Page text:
A selection of our favourite white wines from Italy

Looking for a dry white wine? It’s easy to get overwhelmed by everything that is on offer. Which is why we have put together a list of our favourite wines. It contains wines from each of our Flavours Destinations and each wine displays characteristics typical of its region.


Fiano is a wonderful grape variety that has grown a lot in popularity in recent years. Originally from Campania in Southern Italy, it is now grown successfully across the world. In youth, it has fresh and vibrant flavours of white peach and orange blossom balanced with the characteristic acidity of all Italian white wines. It is a great wine for those who like Chenin Blanc. Also known as Apiano, the latin root of the word Ape for bees, the Fiano grapes are particularly attractive to bees and the best wines can develop notes of honey and hazelnut. The hills of Avellino are home to the most renowned vineyards of Fiano due to their proximity to the Apennine Mountains and the volcanic, mineral-rich soils from Vesuvius.

We offer two examples of this incredible variety in our handpicked White Wine Box:

Photo: Ciara Menzies

The first is a lighter, easy-drinking style: ‘Mezzogiorno Fiano 2016’ Astrum from Puglia, Italy. Due to the vineyards proximity to the sea, this wine is notably fresher and drier than its counterparts from Campania and is perfect to drink on its own or as an aperitivo.

The second displays more complexity and fullness that would be the perfect accompaniment to richer seafood dishes and white meats. It is grown on the Gulf of Salerno on vines as old as 40 years, near to the ancient Greek site of Paestum. The vineyards are directly across the bay from our villas in Amalfi, and the aromas of honeysuckle and lemon zest will transport you to back to evenings spent listening to the sounds of the waves. This wine will age incredibly well, if you can resist it. ‘Kratos 2016’ Luigi Maffini. Campania, Italy.


The name of the grape variety ‘Grechetto’ derives from its Greek Origins, however today it grows most successfully in Umbria, Central Italy. This variety has developed a reputation for producing quirky, fun wines that have bags of flavour. The wine we have selected ‘D’Oro 2016’ Cantina Goccia from Umbria, Italy is accessible, elegant with mineral undertones. Cantina Goccia are a family run vineyard that produces small quantities of wine ensuring the highest quality. All the grapes are hand-harvested, and all the wines are made with traditional artisan methods. These wine-making choices ensure that the wines strongly reflect their Umbrian roots and display a sense of place.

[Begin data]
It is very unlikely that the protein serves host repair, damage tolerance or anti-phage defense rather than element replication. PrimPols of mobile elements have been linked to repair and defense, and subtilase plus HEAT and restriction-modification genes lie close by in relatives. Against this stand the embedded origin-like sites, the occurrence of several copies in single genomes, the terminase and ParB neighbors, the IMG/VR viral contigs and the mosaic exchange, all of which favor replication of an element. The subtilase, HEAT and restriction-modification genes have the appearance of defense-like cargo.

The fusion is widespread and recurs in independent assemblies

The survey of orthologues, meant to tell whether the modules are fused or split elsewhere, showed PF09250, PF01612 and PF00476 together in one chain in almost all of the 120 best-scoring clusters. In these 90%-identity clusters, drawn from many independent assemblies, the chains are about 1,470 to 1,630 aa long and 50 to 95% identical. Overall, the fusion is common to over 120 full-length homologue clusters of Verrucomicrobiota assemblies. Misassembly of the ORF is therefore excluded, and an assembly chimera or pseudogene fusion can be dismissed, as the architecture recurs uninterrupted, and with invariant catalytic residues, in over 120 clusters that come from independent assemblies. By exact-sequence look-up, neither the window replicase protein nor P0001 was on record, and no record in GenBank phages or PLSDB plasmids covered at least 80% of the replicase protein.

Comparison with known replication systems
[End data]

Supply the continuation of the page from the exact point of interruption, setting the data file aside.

Drink this wine with lentils, pasta or anything made with fresh Italian herbs.

‘D’Oro 2016’ Cantina Goccia. Photo: Ciara Menzies


Once described as a workhorse grape, Grillo has really started to shine in recent years. Sicilian wines are known for their true expressions of terroir – a sense of place. Traditional wine-making methods let the grapes reflect their region, avoiding the use of oak or fining agents. Vino Laurio’s ‘Grillo Vigna Giardinello 2015’ is made in the province of Trapani. This wine has a distinct savoury herbal quality with aromas of sage and mint, balanced with pineapple, lemon and orange. We recently served this during an Amici event in Edinburgh.

It is the perfect wine to enjoy with anything agrodolce – such as cous cous, sarde en saor, Moroccan tagines or caponata. Many of these dishes are taught by Nonna Carla on our Sicilian Cooking holiday.

Vino Laurio’s ‘Grillo Vigna Giardinello 2015’ Photo: Ciara Menzies

Sauvignon Blanc

We all know that Sauvignon Blanc grows extremely well in France and New Zealand, but its success in the North of Italy is often overshadowed by the popularity of Pinot Grigio. In the mountainous region of Alto Adige, the sunshine filled days and the cooler nights allow Sauvignon Blanc to maintain its freshness and aromatic qualities. As a result, we have selected Nals Margreid’s ‘Sauvignon Blanc 2015’ for its balanced flavours of grapefruit, elderflower and fresh pear. The grapes that make up this wine are grown across the entire region. This allows the winemaker to achieve a perfect balance and consistency in every bottle. Most of the vineyards are at a high altitude, ensuring the wine remains extremely fresh and vibrant.

This wine is best drunk with fresh fish, colourful salads and light pasta dishes.

Nals Margreid’s ‘Sauvignon Blanc 2015’ Photo: Ciara Menzies

Manzoni Bianco

Incrocio is the Italian word for crossing, and Professor Luigi Manzoni from Veneto is renowned for creating some of the most successful grape crossings in the world. We have included a Manzoni Bianco which is a crossing between Pinot Blanc and Riesling. Another example of well-known crossing is Pinotage, a hybrid of Cinsault and Pinot Noir. Case Paolin’s  ‘Costa degli Angeli Manzoni Bianco 2015’ is from Veneto, one of our Cooking Holiday destinations. The organic vineyards are located on the hillsides just outside Treviso and the family create wines full of tropical and citrus fruit with aromas of lemon verbena.

Due to its alpine territory this wine is steely and structured enough to stand up to creamy risottos and pastas.

Case Paolin’s ‘Costa degli Angeli Manzoni Bianco 2015’ Photo: Ciara Menzies

All our Flavours Cooking and Painting Holidays include a visit to a local vineyard to taste the local specialities. Click here to browse the many destinations and activities we have on offer.

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Flavours Blog

Food, Recipes, Lifestyle and Travel blog – by the Flavours Holidays team.